I know my work isn’t done though. I know that I am going to have to hold my manager accountable to see these things through. I know I am going to have to speak up in meetings and fight for my allocated time, and I know I am going to have to work harder to be heard. And although I can go on to say how unfair it is that women have to work harder in this capacity, I’m going to focus on the positive – by speaking up and asking my male colleagues to wait until I am done, I will make their actions and behaviors obvious to them and hopefully enact change. I know it won’t be easy, I know it won’t be quick, but I am a valuable member to the team and they need to sit back listen and give the women on the team their time as well.
So you may be wondering how you start this conversation. Well, here is my advice:
Have a monkey, bring a banana. In other words, if you go to your manager with a problem (a monkey) come with a possible solution or two (a banana). This will naturally steer the conversation away from you bithcing, and towards resolution. It’s a positive way to discuss problems, challenges, conflicts, etc. Not sure what solution you can offer? Tell that to your boss too, and let him/her know you’d like to brainstorm some with their help.
Go into the conversation prepared to give feedback AND receive feedback. No one is perfect. No one. Not even you. Sure your boss may have royally dropped the ball so give him that feedback. But also be willing to receive feedback. When I am really frustrated I get VERY quiet in meetings. Feedback I got from a male colleague was he sees this and wants me to say something. Men are not body language readers, they are direct, so his point was direct conversation resonates with men. Structuring a conversation around feedback gives a tone of improvement, changes for the better, etc. instead of complaining and griping.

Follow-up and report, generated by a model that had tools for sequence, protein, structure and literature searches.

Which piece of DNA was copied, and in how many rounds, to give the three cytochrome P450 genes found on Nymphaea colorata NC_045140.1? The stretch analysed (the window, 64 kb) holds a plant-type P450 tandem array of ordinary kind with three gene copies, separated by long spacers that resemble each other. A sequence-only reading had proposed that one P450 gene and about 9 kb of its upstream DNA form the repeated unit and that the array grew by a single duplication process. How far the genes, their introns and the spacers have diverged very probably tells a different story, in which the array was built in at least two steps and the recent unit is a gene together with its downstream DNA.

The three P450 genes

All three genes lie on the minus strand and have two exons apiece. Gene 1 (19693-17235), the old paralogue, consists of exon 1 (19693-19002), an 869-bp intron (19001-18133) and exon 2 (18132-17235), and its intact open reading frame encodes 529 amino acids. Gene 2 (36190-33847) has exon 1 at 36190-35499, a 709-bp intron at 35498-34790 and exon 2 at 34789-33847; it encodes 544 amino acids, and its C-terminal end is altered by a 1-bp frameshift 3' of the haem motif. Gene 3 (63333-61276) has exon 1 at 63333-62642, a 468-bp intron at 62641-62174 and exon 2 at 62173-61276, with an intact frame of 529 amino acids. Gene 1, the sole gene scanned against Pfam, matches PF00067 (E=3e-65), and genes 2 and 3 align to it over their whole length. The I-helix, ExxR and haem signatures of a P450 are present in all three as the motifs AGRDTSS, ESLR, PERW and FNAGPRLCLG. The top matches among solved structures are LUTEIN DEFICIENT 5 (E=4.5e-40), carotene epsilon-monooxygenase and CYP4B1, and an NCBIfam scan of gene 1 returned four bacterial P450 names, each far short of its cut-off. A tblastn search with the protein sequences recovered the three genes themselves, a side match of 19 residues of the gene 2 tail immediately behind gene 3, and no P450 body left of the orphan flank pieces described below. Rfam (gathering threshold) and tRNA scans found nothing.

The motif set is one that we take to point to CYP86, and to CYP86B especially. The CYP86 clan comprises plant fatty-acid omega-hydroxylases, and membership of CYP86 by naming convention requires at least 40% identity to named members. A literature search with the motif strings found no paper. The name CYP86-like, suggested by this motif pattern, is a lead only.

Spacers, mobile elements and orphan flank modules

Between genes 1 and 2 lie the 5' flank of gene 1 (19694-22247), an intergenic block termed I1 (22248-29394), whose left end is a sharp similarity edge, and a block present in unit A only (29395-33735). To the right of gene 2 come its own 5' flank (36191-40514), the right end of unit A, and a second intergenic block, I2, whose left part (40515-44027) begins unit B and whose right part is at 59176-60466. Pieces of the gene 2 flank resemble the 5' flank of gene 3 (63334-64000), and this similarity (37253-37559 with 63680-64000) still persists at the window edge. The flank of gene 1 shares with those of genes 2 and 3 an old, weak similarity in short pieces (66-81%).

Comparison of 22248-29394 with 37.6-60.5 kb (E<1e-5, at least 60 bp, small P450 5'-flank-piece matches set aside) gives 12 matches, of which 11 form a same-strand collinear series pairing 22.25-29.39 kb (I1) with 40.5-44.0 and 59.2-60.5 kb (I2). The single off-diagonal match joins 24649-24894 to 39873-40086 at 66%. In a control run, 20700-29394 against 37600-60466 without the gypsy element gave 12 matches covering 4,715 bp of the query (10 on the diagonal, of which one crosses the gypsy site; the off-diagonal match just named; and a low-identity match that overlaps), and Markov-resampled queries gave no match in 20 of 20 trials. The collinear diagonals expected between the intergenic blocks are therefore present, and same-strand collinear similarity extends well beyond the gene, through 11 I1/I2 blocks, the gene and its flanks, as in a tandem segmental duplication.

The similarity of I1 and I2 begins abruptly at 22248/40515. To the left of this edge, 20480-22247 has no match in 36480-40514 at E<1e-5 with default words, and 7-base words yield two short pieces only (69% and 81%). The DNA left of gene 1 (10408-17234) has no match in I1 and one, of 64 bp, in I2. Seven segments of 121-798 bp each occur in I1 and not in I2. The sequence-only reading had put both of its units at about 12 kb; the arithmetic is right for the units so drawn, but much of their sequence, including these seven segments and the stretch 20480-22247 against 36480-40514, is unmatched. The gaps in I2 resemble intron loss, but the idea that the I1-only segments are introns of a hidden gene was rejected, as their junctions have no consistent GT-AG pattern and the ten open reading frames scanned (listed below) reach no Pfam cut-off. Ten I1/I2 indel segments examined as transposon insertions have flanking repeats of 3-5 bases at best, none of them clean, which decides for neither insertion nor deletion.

Be next to your boss, not in front of him. What I mean here is ingratiate yourself. I don’t mean kiss his ass, or suck up. Instead, figure out how you can help him too. You’re going to your boss for help, now figure out what you can do for him too. After all, you are both a part of the team. A team that must drive results so if you know you can take something off of your manager’s plate that would help him and you – well that’s a win-win. One key point to note though is don’t take everything off your manager’s plate. Don’t overload yourself. Be careful and go into the meeting with an idea of what you can do to help your boss. I knew the project updates were not efficient at all and it really bothered me that after spending so much time discussing them with my boss, he still screwed them up. So this was an easy place for me to offer some help, and for future meetings it ensures my project updates are accurate.